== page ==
It’s not often that I visit with other critics, especially those who work in other fields. So it was with great pleasure that I sat down for lunch yesterday in Napa with baseball analyst Tim McCarver to talk about our national pastime, wine, sports in general and calling them the way you see them.
I’m not sure how sports analysts get along with each other, but wine writers are not a chummy lot. I suppose that has to do with the fact that we’re called upon for opinions, and that staking out one’s territory on one issue or another can become a point of contention, as in, “I can’t believe he rated that wine so high (or low)," or "I can’t believe he didn’t like that wine ... I loved it.”
In one sense, I suppose baseball players are like winemakers, and McCarver, who won three consecutive national Emmy Awards for “Best Sportscaster/Analyst,” is known for his direct – some would say obnoxious – style. In person he’s engaging, articulate, and full of great sports stories and memories. Sitting across from him at lunch was like watching him on TV, whether as the baseball analyst for Fox Sports, or hosting his own TV show.
Most of the time we talked about sports and had a touch of spring fever, with sunny skies in Napa (between rainstorms). McCarver, who caught hall-of-famers Bob Gibson and Steve Carlton and faced Sandy Koufax and Don Drysdale in a career that spanned 21 seasons, remains a keen student of the game.
At one point, we talked about the challenges of trying to provide insight into a game, or wine. We talked about being candid, and knowing that mistakes will be made.
“Players expect you to say everything good about them [on the air],” McCarver said, and then he shifted gears, asking me in a half-serious tone, “Have you ever been dramatically wrong?” to which I replied, “Of course I have. Lots of times.”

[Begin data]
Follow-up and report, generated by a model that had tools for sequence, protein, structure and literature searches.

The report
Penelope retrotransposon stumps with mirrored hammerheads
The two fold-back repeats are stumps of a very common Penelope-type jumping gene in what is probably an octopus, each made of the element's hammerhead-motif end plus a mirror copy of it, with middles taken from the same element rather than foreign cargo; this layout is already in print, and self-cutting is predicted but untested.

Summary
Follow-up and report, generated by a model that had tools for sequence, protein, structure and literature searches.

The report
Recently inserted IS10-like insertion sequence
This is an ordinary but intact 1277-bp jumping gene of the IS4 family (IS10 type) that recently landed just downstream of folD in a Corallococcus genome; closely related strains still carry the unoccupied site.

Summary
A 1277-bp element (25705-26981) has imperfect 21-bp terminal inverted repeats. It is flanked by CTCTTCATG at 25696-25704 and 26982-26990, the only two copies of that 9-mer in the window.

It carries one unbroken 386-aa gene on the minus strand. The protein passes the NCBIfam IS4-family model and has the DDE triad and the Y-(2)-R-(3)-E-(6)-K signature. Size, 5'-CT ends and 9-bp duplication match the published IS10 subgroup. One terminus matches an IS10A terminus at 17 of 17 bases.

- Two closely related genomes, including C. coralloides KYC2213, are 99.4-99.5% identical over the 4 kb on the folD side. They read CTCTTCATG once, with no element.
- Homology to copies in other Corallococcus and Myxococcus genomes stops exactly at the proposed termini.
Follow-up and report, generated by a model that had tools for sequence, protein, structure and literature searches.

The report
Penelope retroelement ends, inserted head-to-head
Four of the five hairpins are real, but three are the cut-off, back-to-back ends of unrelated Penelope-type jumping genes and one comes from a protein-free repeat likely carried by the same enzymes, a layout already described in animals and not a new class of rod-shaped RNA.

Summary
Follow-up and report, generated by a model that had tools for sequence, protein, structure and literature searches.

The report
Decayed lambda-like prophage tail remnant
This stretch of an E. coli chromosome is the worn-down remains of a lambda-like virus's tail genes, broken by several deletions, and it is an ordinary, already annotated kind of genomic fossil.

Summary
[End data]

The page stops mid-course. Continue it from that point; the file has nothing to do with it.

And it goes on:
“I still go into the clubhouse[s] every day,” McCarver said, “ because I know I can be wrong and that’s the best place to learn about what you might have missed.”
We agreed that it's easy to view a replay, or judge a wine by its reputation, and know what the right call should have been.
Then he shared a funny wine moments, recalling drinking a 1961 Mazis-Chambertin, with Steve Carlton, out of a plastic cup with toothpaste on the lip.
We talked briefly about his TV show, and an interview he conducted with Kareem Abdul-Jabbar, who is a big baseball fan and student of the game, which surprised McCarver. A gentleman seated next to us politely interrupted McCarver at this point to mention that he had gone to high school and played basketball, at Power Memorial, with Abdul-Jabbar, then known as Lew Alcindor. The gentleman recalled that Power had only one loss during Alcindor’s high school career.
As we got up to leave, I noticed that seated behind us were Julia Levitan, general manager of Dominus, and Cherise Moueix, owner Christian Moueix’s wife. They were studying baseball calendars. We said hello, Cherise invited him to Dominus, and McCarver looked at their baseball schedule, which was for the 2008 Boston Red Sox home games. Turns out Cherise and Julia are both BoSox fans.
Powell Yang — Napa, — January 8, 2008 5:34pm ET
Stephanie A Hubbell — winter — January 9, 2008 2:34am ET
Charles J Stanton — Eugene, OR — January 10, 2008 2:10pm ET
Harvey Posert Jr — napa valley — January 14, 2008 1:24pm ET
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